Philosophy 18 (70):114 - 139 (1943)
AbstractTo the question ‘Why do you try to realize this?’ your answer may be ‘Because I desire that and I think that the realization of this would involve the realization of that.’ Or your answer may be ‘Because I desire this.’ If ‘Why?’ is interpreted as ‘Desiring what?’ the question ‘Why do you desire this?’ is improper. The word ‘desire’ is, however, frequently used in such a way as to countenance the impropriety. It is so used not only when what is pursued only as a means is said to be desired, but also when a desire for what possesses one character is said to be a desire for what possesses a a concomitant character. Strictly, perhaps, an object of desire is describable in terms only of the character immediately relevant to the desire. The expression ‘to desire what is X qua X’ is perhaps redundant; and the expression ‘to desire what is X qua Y’ is perhaps self-contradictory. But those who think, so must admit that such expressions are current among even careful speakers.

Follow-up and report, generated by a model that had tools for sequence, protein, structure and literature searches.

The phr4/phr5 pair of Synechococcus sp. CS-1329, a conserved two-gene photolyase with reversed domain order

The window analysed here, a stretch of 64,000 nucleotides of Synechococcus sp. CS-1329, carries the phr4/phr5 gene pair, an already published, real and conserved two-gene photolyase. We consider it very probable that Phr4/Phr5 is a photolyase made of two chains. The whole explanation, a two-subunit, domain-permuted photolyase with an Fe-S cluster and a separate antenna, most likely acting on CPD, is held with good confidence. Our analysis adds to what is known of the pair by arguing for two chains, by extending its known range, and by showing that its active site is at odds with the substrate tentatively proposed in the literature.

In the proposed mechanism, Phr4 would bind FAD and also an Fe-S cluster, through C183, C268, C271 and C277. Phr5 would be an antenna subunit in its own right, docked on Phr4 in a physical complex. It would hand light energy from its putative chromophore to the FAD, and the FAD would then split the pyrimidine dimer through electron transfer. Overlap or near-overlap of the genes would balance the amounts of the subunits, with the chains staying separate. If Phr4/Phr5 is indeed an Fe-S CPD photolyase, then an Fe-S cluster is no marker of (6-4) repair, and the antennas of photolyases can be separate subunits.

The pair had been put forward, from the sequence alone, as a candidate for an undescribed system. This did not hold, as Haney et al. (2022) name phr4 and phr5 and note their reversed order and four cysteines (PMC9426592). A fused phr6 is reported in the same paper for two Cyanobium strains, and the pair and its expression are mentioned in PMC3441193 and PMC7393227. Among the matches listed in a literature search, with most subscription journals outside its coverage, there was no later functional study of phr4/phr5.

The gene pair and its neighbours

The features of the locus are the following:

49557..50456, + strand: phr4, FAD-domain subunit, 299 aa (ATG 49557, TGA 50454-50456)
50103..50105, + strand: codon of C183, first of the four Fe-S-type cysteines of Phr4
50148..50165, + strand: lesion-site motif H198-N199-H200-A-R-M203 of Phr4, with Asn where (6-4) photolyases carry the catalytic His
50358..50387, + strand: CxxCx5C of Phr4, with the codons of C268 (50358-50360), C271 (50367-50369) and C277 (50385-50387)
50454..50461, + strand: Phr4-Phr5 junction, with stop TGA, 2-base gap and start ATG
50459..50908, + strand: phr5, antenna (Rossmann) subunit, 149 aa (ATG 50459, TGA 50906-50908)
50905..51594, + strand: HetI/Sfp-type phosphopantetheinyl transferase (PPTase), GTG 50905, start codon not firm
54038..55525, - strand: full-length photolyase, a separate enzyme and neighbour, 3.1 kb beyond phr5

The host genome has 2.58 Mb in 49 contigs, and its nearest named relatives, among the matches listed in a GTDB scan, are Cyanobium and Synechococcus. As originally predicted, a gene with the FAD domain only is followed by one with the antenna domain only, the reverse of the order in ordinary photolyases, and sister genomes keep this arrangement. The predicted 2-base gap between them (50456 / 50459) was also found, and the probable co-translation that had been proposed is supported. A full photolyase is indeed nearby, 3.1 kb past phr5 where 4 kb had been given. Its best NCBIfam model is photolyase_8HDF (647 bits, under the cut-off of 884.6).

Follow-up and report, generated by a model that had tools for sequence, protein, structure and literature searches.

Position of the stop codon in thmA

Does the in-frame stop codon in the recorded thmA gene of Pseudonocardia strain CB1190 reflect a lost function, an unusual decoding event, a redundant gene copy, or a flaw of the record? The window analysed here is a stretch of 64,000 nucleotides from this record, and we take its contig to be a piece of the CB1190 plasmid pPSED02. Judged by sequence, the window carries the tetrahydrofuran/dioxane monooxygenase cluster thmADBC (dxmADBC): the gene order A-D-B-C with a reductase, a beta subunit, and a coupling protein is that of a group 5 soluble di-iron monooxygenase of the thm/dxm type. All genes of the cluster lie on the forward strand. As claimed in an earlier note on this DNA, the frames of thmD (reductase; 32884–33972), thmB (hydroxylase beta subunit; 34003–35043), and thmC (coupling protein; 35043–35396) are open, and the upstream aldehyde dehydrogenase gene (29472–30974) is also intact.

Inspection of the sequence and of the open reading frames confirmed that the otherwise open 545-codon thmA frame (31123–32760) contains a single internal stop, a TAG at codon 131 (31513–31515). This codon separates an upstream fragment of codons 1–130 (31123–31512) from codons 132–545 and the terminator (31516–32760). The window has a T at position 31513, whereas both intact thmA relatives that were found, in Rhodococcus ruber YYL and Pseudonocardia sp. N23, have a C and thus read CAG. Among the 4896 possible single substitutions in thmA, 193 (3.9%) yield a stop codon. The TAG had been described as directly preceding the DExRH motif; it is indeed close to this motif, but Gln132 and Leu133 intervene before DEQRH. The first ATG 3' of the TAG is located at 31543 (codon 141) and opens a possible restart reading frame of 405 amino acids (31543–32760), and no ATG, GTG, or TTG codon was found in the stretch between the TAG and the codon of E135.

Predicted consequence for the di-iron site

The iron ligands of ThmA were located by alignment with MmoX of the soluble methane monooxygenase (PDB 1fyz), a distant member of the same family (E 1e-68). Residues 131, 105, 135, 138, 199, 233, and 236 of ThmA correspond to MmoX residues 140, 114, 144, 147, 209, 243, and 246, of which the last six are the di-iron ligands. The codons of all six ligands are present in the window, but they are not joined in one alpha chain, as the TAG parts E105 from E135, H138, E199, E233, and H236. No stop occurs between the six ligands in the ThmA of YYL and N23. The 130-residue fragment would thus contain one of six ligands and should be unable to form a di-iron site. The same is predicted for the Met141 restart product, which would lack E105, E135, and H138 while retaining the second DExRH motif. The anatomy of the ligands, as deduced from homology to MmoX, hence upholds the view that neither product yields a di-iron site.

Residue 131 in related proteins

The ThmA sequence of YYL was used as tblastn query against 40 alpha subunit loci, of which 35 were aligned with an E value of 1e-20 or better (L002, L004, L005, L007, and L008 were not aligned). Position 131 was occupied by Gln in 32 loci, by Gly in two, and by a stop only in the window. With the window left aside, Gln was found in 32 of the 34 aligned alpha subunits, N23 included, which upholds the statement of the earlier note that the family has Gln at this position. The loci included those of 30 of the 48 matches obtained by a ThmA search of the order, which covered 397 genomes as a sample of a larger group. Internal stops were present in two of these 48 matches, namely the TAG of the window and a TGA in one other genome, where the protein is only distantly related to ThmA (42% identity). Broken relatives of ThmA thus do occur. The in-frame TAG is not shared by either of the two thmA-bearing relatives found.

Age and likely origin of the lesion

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Citations of this work
Butler’s Argument Against Psychological Hedonism.Robert M. Stewart - 1992 - Canadian Journal of Philosophy 22 (2):211-221.
The Development of Bishop Butler's Ethics.Thomas H. McPherson - 1948 - Philosophy 23 (87):317 - 331.
Humean Pleasures Reconsidered.Stephen D. Hudson - 1975 - Canadian Journal of Philosophy 5 (4):545 - 562.
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